533,000 discussing his cabinet picks.
Obama himself addressed selecting the future White House dog
first, in his initial post-election press conference.
“With respect to the dog,” Obama said, “this is a major
issue. I think it has generated more interest on our Web site than
just about anything. We have two criteria to be reconciled. One is
that Malia,” the elder Obama daughter, age 10, “is allergic, so
it has to be hypoallergenic. There are a number of breeds that are
hypoallergenic. On the other hand, our preference would be to get a
shelter dog, but obviously a lot of shelter dogs are mutts like me.
So whether we’re going to be able to balance those two things I think
is a pressing issue on the Obama household.”

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California Proposition Two passage rattles agribiz cages

From ANIMAL PEOPLE, December 2008:
LENEXA, Kansas–California Proposition Two, overwhelmingly
approved by voters on November 4, requires only that “calves raised
for veal, egg-laying hens, and pregnant pigs be confined only in ways
that allow these animals to lie down, stand up, fully extend their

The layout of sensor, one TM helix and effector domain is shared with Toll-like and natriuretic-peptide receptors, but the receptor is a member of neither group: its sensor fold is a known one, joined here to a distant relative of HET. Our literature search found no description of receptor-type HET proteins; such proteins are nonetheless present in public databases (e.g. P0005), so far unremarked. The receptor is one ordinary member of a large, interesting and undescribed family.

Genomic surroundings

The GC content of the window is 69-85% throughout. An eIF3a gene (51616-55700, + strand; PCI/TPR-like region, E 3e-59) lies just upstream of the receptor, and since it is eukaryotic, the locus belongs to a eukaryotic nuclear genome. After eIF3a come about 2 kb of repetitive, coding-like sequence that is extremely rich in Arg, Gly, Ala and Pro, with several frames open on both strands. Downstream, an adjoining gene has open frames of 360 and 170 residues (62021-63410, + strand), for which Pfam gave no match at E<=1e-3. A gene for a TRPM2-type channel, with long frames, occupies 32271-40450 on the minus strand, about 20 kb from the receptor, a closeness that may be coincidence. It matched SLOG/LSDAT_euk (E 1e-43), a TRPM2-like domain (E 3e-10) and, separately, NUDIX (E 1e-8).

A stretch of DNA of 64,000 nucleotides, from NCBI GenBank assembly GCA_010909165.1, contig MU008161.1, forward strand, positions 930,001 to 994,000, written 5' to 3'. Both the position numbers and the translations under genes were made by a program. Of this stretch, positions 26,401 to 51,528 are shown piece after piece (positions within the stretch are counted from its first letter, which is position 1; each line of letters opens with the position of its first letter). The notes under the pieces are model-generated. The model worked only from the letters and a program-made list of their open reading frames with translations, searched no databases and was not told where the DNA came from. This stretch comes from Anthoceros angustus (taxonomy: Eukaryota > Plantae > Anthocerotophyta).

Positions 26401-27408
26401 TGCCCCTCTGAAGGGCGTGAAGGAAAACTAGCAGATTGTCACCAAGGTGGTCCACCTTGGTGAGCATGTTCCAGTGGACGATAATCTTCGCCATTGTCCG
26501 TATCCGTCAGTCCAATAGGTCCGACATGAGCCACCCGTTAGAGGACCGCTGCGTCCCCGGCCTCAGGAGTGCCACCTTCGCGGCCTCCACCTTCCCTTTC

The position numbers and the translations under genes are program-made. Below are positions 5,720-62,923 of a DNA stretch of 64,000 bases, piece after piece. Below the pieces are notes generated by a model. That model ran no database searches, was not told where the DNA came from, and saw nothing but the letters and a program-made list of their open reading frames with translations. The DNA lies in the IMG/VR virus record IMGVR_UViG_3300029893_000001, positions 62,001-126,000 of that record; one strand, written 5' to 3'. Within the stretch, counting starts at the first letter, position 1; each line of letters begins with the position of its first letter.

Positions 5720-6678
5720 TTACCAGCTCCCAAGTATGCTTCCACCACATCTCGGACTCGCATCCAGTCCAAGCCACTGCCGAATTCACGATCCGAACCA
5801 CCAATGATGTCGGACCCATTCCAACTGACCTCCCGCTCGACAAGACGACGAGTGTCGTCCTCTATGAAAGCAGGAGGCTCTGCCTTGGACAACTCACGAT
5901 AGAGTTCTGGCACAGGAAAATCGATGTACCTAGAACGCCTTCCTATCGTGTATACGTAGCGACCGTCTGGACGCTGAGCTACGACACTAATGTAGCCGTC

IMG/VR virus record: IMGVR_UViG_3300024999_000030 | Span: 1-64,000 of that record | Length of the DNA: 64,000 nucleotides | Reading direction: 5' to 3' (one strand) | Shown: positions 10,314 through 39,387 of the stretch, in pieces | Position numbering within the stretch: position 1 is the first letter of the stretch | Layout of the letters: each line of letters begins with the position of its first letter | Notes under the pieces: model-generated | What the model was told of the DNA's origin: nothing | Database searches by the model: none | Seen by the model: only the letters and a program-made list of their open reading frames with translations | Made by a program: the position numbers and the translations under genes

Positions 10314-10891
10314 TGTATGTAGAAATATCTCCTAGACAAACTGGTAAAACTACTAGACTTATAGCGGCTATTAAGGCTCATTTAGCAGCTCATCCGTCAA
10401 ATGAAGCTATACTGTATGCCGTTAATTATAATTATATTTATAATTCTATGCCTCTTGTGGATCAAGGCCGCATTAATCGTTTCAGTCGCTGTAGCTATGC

limbs and turn around freely,” by 2015.
“The new law is simple and hardly earth-shaking,” observed
Grist columnist Tom Philpott in a post-election wrap-up. “Yet
industrial-farming interests are squawking like hens about to lay a
huge egg. That the industry finds such a commonsense requirement
intolerable reveals just how dependent it is on imposing cramped
conditions. The backlash against Proposition Two also betrays a very
encouraging fear that California’s code will go nationwide.”
Chuck Jolley of the Cattle Network acknowledged as much on
November 19, 2008. Animal agriculture trade organizations, said
Jolley, “should conduct unannounced member audits and be ready to
immediately dismiss any company caught violating the strict
standards. And publicize the expulsion.”

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Pickens bids to save BLM wild horses

From ANIMAL PEOPLE, December 2008:
RENO–Just as the Bureau of Land
Management seemed poised to kill 2,000 healthy
mustangs, due to lack of adoptive homes,
Madeleine Pickens “arrived on a white horse,” as
Washington Post staff writer Lyndsey Layton put
Pickens on November 17, 2008 turned a
public hearing in Reno from a perfunctory
condemnation ritual to a celebration.
“Pickens, wife of billionaire T. Boone
Pickens, made known her intentions to adopt not
just the doomed wild horses but most or all of
the 30,000 horses and burros kept in federal
holding pens,” reported Layton. “Lifelong
animal lovers, the Pickenses just a few years
ago led the fight to close the last horse
slaughterhouse in the United States.”
Posted Pickens afterward to her personal
web site, “Wild horses on federal land are
living symbols of the history of the American
West and must be protected. My view is for a
wild horse sanctuary that will be a tourist
destination where Americans and tourists from
around the world can observe this great part of
American history.”